Many or all companies we feature compensate us. Compensation and editorial
research influence how products appear on a page.
Credit Cards

Available Credit vs. Credit Limit: Do You Know the Difference?

Updated Mar 22, 2023   |   5-min read

When you apply for a credit card, the card issuer considers your income and credit history when deciding whether or not to approve you. When you’re approved for a card, you typically won’t just be able to charge as much as you want.

The credit card issuer will set a maximum amount you can borrow. This is referred to as your credit limit. As you use your card, you’ll get closer to reaching your credit limit and your available credit will decline. Credit cards are revolving accounts, while loans are installment accounts.

It’s important to understand how credit limits work, how your available credit affects what you can borrow, and how your available credit impacts your credit score. Read on to find out everything you need to know about how credit limits and total available credit work.

What is a Credit Limit?

Your credit limit is, quite simply, the limit of what a credit card issuer allows you to borrow. For example, a card issuer may give you a $10,000 credit limit so you won’t be able to borrow more than $10,000 on the card.

Each credit card you have will come with its own credit limit. You may have one card with a $5,000 limit and another with a $1,000 limit. The specific limit set by your card issuer will be based on how much the card provider feels comfortable allowing you to borrow.

>> Read More: What Happens If You Go Over Your Credit Limit?

What is Available Credit?

Since the credit limit caps the total amount you are eligible to borrow, the amount you can currently borrow declines as you charge on your card. The amount you’re currently permitted to borrow, based on your credit limit and your current credit card balance, is called your available credit.

If you’ve borrowed $9,000 on a credit card with a $10,000 limit, you could only borrow $1,000 more before you hit your maximum limit—so your available credit is $1,000.

>> Read More: Statement Balance vs. Current Balance

As you pay back your credit card, your available credit will increase. If you paid off your $9,000 balance, you’d once again have $10,000 in available credit. Your available credit matches your credit limit when your outstanding balance is $0, but as soon as you’ve charged something on the card, your available credit is lower than the limit until you’ve repaid the money you borrowed.

Why Do You Need Available Credit?

It’s important that you don’t max out your credit cards by charging up to the limit, and that you have at least some available credit. You don’t want to do this for a few key reasons.

One of the most important reasons you want some available credit is that your credit score will be adversely affected if you max out your credit cards. That’s because your credit utilization rate accounts for around 30 percent of your FICO score.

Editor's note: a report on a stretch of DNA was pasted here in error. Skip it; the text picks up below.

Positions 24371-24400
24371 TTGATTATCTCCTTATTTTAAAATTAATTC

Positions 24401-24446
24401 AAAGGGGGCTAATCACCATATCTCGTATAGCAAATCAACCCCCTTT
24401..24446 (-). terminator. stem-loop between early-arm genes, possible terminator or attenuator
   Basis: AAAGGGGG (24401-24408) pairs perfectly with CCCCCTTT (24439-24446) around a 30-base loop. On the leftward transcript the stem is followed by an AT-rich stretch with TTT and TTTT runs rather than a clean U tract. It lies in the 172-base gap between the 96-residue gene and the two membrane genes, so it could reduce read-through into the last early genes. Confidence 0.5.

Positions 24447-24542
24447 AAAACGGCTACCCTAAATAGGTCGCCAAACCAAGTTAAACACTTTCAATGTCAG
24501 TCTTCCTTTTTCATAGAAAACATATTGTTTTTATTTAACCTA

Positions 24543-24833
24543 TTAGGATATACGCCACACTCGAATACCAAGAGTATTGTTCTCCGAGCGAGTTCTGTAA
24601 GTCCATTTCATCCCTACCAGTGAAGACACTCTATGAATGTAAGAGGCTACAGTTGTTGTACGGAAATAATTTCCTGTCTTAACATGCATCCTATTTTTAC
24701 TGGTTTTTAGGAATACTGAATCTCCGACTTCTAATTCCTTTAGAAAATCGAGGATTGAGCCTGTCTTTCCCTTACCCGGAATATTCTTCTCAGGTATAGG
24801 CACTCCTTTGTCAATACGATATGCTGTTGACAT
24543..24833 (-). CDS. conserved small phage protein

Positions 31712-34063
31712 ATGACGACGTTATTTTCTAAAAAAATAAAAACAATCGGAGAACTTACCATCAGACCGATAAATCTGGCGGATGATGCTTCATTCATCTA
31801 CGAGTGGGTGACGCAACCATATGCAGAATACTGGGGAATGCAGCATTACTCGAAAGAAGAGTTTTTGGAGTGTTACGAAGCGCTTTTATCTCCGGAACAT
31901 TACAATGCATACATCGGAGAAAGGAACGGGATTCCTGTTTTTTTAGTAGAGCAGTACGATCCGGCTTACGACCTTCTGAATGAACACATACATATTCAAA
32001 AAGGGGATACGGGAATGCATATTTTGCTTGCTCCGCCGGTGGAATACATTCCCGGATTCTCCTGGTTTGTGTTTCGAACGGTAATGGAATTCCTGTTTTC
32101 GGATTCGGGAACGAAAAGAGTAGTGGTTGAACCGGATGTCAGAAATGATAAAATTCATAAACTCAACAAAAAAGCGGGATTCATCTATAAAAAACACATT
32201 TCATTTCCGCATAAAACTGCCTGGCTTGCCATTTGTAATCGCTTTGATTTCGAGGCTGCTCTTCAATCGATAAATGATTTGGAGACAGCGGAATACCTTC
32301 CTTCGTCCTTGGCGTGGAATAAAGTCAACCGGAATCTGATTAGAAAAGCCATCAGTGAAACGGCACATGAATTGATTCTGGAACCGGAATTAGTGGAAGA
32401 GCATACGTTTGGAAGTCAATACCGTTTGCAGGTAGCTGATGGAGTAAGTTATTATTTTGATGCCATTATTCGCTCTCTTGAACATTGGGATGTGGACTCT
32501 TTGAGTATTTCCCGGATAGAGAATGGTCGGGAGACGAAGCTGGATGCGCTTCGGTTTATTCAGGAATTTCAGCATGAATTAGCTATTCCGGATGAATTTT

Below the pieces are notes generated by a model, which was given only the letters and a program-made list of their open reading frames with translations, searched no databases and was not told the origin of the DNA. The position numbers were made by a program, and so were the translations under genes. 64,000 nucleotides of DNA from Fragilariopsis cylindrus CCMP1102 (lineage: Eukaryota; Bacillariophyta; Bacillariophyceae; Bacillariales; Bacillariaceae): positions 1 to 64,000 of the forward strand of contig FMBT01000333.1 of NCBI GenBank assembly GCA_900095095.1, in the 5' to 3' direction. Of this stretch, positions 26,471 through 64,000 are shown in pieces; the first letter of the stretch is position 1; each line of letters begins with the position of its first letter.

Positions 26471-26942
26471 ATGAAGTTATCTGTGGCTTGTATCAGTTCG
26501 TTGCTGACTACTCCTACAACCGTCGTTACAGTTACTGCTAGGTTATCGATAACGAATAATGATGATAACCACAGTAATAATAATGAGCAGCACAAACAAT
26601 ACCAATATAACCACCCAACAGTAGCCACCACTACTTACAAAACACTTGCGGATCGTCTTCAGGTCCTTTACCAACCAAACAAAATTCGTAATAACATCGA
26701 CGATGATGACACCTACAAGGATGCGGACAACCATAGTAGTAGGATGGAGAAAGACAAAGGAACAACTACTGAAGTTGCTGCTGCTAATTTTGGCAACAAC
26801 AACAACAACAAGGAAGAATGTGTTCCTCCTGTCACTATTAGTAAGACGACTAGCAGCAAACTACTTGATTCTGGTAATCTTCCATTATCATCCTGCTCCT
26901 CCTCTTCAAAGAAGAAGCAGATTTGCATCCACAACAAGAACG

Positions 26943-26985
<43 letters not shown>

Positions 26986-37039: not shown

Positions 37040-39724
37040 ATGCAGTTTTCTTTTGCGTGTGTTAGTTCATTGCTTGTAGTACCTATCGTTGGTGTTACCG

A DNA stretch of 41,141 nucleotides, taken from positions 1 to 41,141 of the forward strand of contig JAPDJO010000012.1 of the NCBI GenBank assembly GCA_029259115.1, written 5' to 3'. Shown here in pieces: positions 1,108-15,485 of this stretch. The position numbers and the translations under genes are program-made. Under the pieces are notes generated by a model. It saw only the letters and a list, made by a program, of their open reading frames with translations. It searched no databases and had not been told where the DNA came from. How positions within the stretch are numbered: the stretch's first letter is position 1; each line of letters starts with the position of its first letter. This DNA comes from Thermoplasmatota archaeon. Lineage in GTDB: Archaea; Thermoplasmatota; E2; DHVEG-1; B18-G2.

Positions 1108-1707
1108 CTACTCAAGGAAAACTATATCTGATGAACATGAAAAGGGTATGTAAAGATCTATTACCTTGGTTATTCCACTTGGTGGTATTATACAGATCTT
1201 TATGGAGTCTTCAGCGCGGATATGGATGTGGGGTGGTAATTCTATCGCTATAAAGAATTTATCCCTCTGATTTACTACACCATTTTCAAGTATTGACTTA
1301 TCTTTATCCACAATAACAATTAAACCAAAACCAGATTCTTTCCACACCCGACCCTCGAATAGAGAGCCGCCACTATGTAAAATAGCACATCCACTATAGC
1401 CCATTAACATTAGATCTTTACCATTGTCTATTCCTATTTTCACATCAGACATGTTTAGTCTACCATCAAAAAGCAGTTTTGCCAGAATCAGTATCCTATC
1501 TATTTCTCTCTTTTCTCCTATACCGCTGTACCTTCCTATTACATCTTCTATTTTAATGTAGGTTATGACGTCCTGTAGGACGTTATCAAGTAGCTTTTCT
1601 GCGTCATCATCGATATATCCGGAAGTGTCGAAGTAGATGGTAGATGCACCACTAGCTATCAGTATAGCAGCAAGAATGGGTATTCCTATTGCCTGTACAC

Your credit utilization rate is the amount of your credit line you’ve used divided by your total credit limit. For example, if you have charged $5,000, and your credit limit is $10,000, then your credit utilization rate is equal to 50 percent.

To earn the best credit score, your credit utilization rate shouldn’t exceed 30 percent of your credit limit. This would mean that you’d have 70 percent of your credit available at all times.

There’s also another reason why you should have available credit: you may need it for emergencies. If you’ve maxed out your credit and have a financial emergency then you could be in dire financial straits. If you have available credit, you can charge what you need to get through the emergency. If you have to put a doctor’s copay or a car repair on your card in an emergency, you’ll be very happy you had available credit.

What if You Go Over Your Available Credit?

Sometimes, when your credit card is maxed out and you’ve charged up to your limit, you may still try to use your card anyway. This would mean going over your available credit.

If you try to go over your available credit, some credit cards will deny the transaction. Others will allow the charge to go through, but you may face consequences including over-the-limit fees, a penalty interest rate, the loss of rewards, or a reduced credit line going forward.

The specifics of what happens when you go over your limit vary depending upon your cardholder agreement. You can read the terms and conditions of your card carefully to find out the rules, or ask your credit card issuer.

How to Increase Your Available Credit

You may want to have a larger credit limit on your credit card account so you can increase your available credit. If you do, you can ask your credit card issuer for an increase.

The specific process of asking for a credit limit increase varies by card issuer. You can usually request an increase online under your account tools or account services menu. Your credit card company will probably check your credit and ask for your income before determining whether to increase your credit limit.

Paying down debt will also help increase your available credit, as when your balance is low or at zero, you have lots of credit available before you hit your total credit limit. Your credit score will be better due to your low utilization rate, and you’ll have the chance to borrow if you need to, so you’ll be glad you made the effort.